Nanomedicine Approaches for the Pulmonary Treatment of Cystic Fibrosis
- 1Institute of Science and Technology for Ceramics (ISTEC), National Research Council (CNR), Faenza, Italy
- 2Fondazione Policlinico Universitario “A. Gemelli” IRCCS, Dipartimento di Scienze di Laboratorio e Infettivologiche, Rome, Italy
- 3Istituto di Microbiologia, Università Cattolica del Sacro Cuore, Rome, Italy
- 4Institute for the Chemistry of Molecular Recognition (ICRM), National Research Council (CNR), c/o Institute of Biochemistry and Clinical Biochemistry, Catholic University, Rome, Italy
- 5Humanitas Clinical and Research Center, Rozzano, Italy
- 6Institute of Genetic and Biomedical Research (IRGB) - UOS Milan, National Research Council (CNR), Milan, Italy
Cystic fibrosis (CF) is a genetic disease affecting today nearly 70,000 patients worldwide and characterized by a hypersecretion of thick mucus difficult to clear arising from the defective CFTR protein. The over-production of the mucus secreted in the lungs, along with its altered composition and consistency, results in airway obstruction that makes the lungs susceptible to recurrent and persistent bacterial infections and endobronchial chronic inflammation, which are considered the primary cause of bronchiectasis, respiratory failure, and consequent death of patients. Despite the difficulty of treating the continuous infections caused by pathogens in CF patients, various strategies focused on the symptomatic therapy have been developed during the last few decades, showing significant positive impact on prognosis. Moreover, nowadays, the discovery of CFTR modulators as well as the development of gene therapy have provided new opportunity to treat CF. However, the lack of effective methods for delivery and especially targeted delivery of therapeutics specifically to lung tissues and cells limits the efficiency of the treatments. Nanomedicine represents an extraordinary opportunity for the improvement of current therapies and for the development of innovative treatment options for CF previously considered hard or impossible to treat. Due to the peculiar environment in which the therapies have to operate characterized by several biological barriers (pulmonary tract, mucus, epithelia, bacterial biofilm) the use of nanotechnologies to improve and enhance drug delivery or gene therapies is an extremely promising way to be pursued. The aim of this review is to revise the currently used treatments and to outline the most recent progresses about the use of nanotechnology for the management of CF.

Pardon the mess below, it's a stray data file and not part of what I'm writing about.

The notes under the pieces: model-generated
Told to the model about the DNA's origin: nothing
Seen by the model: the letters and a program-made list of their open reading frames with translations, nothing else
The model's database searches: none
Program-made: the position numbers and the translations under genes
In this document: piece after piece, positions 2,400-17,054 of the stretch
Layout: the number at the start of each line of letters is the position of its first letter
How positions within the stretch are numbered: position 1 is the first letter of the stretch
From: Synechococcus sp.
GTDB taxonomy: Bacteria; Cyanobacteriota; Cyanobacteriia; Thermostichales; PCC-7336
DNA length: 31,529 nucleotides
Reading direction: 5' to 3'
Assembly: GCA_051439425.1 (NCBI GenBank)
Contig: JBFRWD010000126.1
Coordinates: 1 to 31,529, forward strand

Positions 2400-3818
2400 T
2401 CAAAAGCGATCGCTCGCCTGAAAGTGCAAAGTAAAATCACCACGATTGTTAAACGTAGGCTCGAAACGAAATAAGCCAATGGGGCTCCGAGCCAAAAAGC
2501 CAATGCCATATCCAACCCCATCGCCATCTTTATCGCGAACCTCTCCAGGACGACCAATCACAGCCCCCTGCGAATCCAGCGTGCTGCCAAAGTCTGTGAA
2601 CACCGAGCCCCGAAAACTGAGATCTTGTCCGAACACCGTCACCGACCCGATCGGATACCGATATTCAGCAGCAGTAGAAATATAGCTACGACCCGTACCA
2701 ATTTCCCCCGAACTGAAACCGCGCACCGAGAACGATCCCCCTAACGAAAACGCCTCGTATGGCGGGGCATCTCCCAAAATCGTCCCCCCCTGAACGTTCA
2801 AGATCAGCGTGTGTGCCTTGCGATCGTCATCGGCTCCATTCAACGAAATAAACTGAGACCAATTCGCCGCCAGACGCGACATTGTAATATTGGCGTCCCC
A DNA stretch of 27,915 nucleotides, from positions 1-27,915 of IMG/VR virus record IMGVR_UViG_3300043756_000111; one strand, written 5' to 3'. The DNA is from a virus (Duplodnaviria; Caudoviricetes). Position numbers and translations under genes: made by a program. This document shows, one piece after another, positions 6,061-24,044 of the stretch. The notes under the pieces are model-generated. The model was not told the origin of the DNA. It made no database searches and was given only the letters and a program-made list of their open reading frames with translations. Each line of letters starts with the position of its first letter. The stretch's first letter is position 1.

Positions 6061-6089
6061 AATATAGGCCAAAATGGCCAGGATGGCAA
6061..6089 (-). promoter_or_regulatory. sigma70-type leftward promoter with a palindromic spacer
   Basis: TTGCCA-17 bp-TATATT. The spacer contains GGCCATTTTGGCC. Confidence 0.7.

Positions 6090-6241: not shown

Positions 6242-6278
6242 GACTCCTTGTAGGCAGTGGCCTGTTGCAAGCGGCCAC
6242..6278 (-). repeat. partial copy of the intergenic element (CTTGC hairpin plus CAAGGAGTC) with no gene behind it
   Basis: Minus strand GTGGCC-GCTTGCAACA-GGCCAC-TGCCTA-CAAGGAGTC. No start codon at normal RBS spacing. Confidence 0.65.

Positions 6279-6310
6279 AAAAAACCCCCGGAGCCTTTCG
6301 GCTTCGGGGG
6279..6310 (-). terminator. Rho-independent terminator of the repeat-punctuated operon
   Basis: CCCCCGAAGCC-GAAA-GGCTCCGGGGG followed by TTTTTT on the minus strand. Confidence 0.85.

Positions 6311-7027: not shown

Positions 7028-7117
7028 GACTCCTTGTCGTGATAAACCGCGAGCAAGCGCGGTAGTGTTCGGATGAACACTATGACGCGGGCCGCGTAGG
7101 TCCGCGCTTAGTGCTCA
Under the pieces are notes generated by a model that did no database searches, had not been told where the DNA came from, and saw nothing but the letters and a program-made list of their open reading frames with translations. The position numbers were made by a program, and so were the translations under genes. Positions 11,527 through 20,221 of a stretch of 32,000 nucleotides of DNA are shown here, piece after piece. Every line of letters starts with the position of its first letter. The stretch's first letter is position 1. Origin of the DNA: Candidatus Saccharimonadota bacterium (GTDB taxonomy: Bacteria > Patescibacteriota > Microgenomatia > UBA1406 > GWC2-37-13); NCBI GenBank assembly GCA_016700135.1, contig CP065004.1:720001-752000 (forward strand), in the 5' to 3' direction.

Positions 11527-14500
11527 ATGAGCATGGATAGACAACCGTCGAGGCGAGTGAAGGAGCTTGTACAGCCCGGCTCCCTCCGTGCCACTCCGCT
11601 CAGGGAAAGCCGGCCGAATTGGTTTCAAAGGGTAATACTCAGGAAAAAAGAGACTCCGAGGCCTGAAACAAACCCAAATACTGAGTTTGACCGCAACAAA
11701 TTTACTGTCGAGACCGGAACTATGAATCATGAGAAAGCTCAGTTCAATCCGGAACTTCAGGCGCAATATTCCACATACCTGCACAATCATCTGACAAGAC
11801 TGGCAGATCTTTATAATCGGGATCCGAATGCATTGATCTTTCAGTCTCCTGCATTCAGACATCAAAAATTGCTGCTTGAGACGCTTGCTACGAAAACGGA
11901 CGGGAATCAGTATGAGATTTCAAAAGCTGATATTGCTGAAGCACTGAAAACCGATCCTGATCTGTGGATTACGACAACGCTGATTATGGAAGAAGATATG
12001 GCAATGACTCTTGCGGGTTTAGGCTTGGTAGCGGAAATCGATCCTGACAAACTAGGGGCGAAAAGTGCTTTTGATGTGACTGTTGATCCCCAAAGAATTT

Cystic fibrosis (CF) is the most common autosomal recessive disease, affecting today nearly 70,000 patients worldwide (Savla and Minko, 2013; da Silva et al., 2017; Haque et al., 2018), while ~1,000 new cases are diagnosed every year (Cystic Fibrosis Foundation, 2018). The disease is caused by mutations in the gene located on chromosome 7, that encodes the cystic fibrosis transmembrane conductance regulator (CFTR) protein. CFTR protein works as a chloride channel on the apical membrane of epithelial cells (Turcios, 2005; Høiby, 2011; Robinson et al., 2018), and it is responsible for the regulation of chloride ions secretion and sodium ions reabsorption (Ibrahim et al., 2011b). Since the identification of CFTR gene in 1989, more than 1,500 mutations have been described, each leading to CF disease (Ratjen, 2009). Those mutations have been initially classified in five major classes according to their effect on CFTR function (Figure 1): (i) mutations interfering with protein synthesis, (ii) mutations affecting protein maturation, (iii) mutations altering channel regulation, (iv) mutations affecting chloride conductance, and (v) mutations reducing the level of normally functioning CFTR at the apical membrane (Fanen et al., 2014). This classification system has been updated by De Boeck and Amaral (2016), which introduced two more classes: class (vi) includes mutations which destabilize CFTR at the cell surface, while mutations of class (vii), called “unrescuable” have the same outcomes as class (i) (i.e., the absence of CFTR protein), but they cannot be rescued by corrective therapy (Amaral, 2015; De Boeck and Amaral, 2016) (Figure 1). Among all the mutations, the most common is named F508del, which, through the deletion of phenylalanine at position 508 of the CFTR protein (O'Sullivan and Freedman, 2009; Gaspar et al., 2013; McNeer et al., 2015), prevents the protein from trafficking to the cell surface, thus significantly reducing CFTR function. It was estimated that 90% of CF patients carry at least one copy of this mutated form (Cartiera et al., 2010).